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Chapter 3

SOCA01H3 Chapter Notes - Chapter 3: Making Money, Survival Kit, George Ritzer

Course Code
Mc Kinon

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Chapter 3 Culture
Culture as Problem Solving
-sociologists define culture as the ideas, practices, and material objects that people create to deal w/ real-life
-popular and mass culture is consumed by all classes, but high culture tends to be consumed by mainly upper class
-tools and religion are also elements of culture
-widely shared and passed from one generation to the next
-shared culture is socially transmitted
-thus, culture comprises the socially transmitted ideas, practices, and material objects that enable people to adapt
to, and thrive in, their environments
The Origins of Culture:
-the human cultural survival kit consists of:
-abstractionability to create general ideas or ways of thinking
-ex. symbolsideas that carry meaning
-cooperationcapacity to create a complex social life by establishing norms and values
-by analyzing how people cooperate and produce norms and values we can learn much about
what distinguishes one culture from another
-productioninvolves making and using tools and techniques that improve our ability to take what we
want from nature
-uniquely human activity
-material culture b/c it is tangible
-symbols, norms, and values are non-material culture b/c they are intangible
3 types of norms:
1. Folkways: norms that specify social preferences. Punishment is minor.
2. Mores: norms that specify social requirements Punishment is modestly harsh.
3. Taboos: strongest and most central norm. When violated, it causes revulsion in the community and severe
Culture and Biology
The Evolution of Human Behaviour:
-biology sets broad human limits and potentials, including the potential to create culture
-evolutionary psychology claims that genes account not just for physical characteristics but also for specific
behaviours and social practices
-based on Darwin’s theory of survival of the fittest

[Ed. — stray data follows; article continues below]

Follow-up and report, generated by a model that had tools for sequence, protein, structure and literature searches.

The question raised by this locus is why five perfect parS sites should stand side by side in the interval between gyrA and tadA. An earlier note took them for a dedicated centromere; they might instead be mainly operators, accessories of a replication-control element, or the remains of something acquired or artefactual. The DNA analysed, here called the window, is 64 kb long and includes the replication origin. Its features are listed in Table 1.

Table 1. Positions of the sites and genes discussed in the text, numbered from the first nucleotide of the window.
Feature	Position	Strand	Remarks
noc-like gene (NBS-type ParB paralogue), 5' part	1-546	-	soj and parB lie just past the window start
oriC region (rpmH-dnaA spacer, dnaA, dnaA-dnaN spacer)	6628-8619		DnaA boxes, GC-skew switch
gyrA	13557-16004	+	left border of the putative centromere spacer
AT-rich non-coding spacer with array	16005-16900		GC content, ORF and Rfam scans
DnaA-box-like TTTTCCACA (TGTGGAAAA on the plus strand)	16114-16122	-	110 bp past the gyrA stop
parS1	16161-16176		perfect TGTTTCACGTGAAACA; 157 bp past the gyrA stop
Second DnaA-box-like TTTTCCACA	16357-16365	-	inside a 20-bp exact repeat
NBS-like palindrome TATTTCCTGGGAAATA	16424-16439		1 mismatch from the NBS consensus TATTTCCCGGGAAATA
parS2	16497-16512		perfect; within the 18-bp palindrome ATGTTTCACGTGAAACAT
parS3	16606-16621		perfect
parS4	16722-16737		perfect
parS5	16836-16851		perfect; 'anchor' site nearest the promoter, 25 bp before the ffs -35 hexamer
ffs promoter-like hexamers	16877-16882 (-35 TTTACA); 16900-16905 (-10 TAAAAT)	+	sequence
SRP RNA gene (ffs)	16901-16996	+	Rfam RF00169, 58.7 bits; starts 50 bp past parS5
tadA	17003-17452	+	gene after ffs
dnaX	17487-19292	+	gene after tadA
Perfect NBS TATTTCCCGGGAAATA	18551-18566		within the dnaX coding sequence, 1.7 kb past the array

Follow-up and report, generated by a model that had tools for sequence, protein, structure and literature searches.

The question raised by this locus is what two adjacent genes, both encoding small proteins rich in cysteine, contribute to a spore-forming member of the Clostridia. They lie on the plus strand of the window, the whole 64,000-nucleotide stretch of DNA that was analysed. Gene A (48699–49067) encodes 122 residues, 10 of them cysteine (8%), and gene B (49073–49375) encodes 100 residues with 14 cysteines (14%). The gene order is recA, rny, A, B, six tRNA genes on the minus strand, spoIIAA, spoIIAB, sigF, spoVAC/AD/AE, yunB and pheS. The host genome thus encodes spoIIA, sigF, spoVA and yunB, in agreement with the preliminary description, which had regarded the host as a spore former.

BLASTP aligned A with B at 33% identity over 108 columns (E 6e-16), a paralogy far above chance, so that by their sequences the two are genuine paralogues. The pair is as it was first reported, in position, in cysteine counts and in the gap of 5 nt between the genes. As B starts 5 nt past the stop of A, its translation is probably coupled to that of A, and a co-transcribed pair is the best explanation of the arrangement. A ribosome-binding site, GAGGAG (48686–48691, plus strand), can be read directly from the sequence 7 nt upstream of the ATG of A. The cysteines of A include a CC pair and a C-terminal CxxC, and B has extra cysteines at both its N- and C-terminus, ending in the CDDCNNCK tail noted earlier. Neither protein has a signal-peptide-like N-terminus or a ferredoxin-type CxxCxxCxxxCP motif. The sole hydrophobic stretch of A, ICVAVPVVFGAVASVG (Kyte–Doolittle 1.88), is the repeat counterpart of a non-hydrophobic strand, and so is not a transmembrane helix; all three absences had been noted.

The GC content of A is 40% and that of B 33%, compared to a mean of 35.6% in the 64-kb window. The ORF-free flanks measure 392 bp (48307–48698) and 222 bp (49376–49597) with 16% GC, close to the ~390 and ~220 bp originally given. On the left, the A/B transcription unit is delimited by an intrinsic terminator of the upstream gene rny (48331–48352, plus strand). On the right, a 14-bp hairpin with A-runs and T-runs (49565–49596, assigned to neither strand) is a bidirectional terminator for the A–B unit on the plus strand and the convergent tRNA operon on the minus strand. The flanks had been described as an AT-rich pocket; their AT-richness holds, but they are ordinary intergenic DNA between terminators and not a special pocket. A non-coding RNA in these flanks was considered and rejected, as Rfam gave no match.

-most sociologists disagree
Male promiscuity, Female fidelity, and other myths:
-contemporary evolutionary psychologists use Darwin’s method to make similar arguments about human
behaviour and social arrangements
-they first identify and supposedly universal human behaviour trait
-next offer explanation as to why this behaviour increases survival chances
-final part is that the behaviour in question cannot easily be changed

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-the characteristics that maximize the survival chances of a species supposedly are encoded or
“hardwired” in our genes
Problems w/ their theory:
-first, some behaviours discussed by evolutionary psychologists are not universal and some are not even
that common
-second, nobody have ever verified that specific behaviours and social arrangements are associated w/
specific genes
-third, even if researchers eventually discover an association b/w particular genes and particular
behaviours, it would be wrong to conclude that variations among people are due to their genes
The Problem of Language
Is Language Innate or Learned?
-language is a system of symbols strung together to communicate thought
-can share understanding; pass experience and knowledge from one generation to the next
-allows culture to develop
Steven Pinkercognitive scientist who says culture has little to do w/ our acquisition of language
-based on observation that most people can easily create and understand sentences that have never been
uttered before
-develops this quickly w/o formal instruction at an early age
-can also point seats of language in the brain
-SLI=specific language impairmentthe gene FOXP2 has been found to be associated w/ this
The social roots of language:
-young children go through periods of rapid development and if they do not interact symbolically w/ others during
their critical periods, their language skills remain permanently impaired
-thus, language must be learned
-the environment is a powerful influence on language acquisition
The Sapir-Whorf Thesis:
3 2
Verbalization Conceptualization (though)
Edward Sapir and Benjamin Lee Whorf:
-proposed that experience, thought, and language interact
-Sapir-Whorf theory holds that we experience certain things in our environment and form concepts about
those things (12)
-we then develop language to express our concepts (23)
-language itself influences how we see the world (31)
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